Are smokers often stereotyped across a variety of media?
Are terms for smokers synonymous with profanity and insults e.g fag?
Smokers are discriminated against by law - but smoking has never been a criminal offence.
"Persecution"? I have not found a credible reference. They tend to hysteria, like this reducto ad Hitlerum.

Smokers are often stereotypes across media - used to be favorable, I'm not sure how to characterize it now. What I could find, i.e.
http://tobaccocontrol.bmj.com/content/13/3/308.full.pdf (which seems pretty representative)
... basically says "it depends on who's watching". But the research is done by anti-smoking folk.

Profanity and insults? Well, "fag" means "cigarette" here, but that use is not pejorative.
"Smokin'" is usually a term if appreciation isn't it?

Anyway - the references in the prev post handle all those and more.
Simon Bridge
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Aug26-13, 06:10 PM
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Back on topic - better evidence indicating a lack of choice in sexual preference seems to have been coming from neurobiology. i.e.

Goldstein J. (2011) Homo Or Hetero? The Neurobiological Dimension Of Sexual Orientation Address to the 21st Meeting of the European Neurological Society.

A 2007 lit review of neurobiological factors in human sexual behavior makes rather weird reading:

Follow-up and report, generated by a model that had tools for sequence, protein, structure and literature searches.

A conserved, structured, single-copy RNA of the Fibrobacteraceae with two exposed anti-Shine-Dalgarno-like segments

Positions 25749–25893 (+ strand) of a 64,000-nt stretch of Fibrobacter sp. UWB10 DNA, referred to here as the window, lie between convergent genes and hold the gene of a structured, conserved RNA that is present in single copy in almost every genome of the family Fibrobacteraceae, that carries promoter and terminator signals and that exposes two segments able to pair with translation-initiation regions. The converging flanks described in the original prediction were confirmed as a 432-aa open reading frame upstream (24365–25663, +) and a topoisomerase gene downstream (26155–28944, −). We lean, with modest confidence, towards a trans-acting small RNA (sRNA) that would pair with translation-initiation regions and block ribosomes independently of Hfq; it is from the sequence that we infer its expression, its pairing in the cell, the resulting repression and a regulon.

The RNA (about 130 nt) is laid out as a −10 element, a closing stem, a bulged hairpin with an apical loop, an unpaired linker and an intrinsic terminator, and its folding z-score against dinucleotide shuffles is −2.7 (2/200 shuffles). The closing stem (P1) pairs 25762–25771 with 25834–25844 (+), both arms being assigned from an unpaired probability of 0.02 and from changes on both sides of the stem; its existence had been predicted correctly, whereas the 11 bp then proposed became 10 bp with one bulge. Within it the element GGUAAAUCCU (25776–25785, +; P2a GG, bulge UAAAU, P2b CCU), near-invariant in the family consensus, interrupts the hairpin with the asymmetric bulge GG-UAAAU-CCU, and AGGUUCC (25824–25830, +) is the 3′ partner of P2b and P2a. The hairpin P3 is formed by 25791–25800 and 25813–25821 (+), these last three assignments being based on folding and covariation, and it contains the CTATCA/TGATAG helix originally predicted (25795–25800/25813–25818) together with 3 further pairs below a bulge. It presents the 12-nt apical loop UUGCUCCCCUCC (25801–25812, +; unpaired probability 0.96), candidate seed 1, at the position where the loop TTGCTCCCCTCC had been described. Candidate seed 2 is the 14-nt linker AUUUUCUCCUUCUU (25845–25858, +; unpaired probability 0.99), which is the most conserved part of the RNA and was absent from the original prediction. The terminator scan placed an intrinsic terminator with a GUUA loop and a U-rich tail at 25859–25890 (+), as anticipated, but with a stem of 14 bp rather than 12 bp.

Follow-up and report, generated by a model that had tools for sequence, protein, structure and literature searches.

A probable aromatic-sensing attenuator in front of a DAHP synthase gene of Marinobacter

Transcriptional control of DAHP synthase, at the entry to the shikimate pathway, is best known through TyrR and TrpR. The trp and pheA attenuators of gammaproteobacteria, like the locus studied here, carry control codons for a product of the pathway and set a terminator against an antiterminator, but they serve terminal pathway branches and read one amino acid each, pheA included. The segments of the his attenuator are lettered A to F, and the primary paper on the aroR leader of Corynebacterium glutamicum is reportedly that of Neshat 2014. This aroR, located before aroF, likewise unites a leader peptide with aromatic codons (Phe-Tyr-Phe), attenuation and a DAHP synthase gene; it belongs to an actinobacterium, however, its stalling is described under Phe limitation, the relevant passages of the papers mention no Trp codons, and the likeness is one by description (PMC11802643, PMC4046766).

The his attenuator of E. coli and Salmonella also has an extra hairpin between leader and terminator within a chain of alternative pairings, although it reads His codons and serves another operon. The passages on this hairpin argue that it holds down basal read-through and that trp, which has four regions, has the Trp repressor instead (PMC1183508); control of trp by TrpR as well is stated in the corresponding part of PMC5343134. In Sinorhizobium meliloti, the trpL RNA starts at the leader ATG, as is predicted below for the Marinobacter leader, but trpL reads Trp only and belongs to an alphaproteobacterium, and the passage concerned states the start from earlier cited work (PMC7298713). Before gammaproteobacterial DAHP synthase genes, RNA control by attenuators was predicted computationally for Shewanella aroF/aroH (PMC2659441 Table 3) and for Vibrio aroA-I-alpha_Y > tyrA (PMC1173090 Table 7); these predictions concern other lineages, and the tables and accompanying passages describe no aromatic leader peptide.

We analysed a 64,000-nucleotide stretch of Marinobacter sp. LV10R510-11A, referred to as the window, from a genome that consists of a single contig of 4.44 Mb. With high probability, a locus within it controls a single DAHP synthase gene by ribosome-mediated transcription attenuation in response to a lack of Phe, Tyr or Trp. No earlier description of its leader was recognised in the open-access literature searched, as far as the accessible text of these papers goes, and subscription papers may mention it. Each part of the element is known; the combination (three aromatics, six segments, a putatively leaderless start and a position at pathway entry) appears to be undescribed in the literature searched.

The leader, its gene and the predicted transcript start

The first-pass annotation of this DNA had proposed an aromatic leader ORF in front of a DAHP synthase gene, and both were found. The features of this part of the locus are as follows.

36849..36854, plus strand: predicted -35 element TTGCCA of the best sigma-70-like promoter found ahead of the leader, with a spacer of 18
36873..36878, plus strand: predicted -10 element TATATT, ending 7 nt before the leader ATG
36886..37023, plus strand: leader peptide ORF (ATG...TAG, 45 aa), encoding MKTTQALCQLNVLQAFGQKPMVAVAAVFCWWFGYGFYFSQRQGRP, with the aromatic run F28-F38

Neurological control of human sexual behaviour: insights from lesion studies

tldr: human sexuality and sexual behavior is complicated.
People have less choice in orientation than in, say, smoking, but their does not seem to be any particular thing that determines "gayness". Hence the "falling in love" analogy.
zoobyshoe
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#9
Aug26-13, 07:52 PM
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Quote Quote by Simon Bridge View Post
I got the smoking the wrong way around - in NZ, about 20% smoke. About the same percentage as the USA.
This makes more sense to me. My impression has been that smoking has become stigmatized pretty much all over the world. Regardless, I assumed you know your own country better than I do when I responded.
I still maintain that smokers have no trouble finding accepting peer-groups and so can mitigate the stigma of smoking.
I'm not disputing this. But I also cannot think of any minority group for which this isn't true. Smokers aren't unique for this, if that's what you are implying.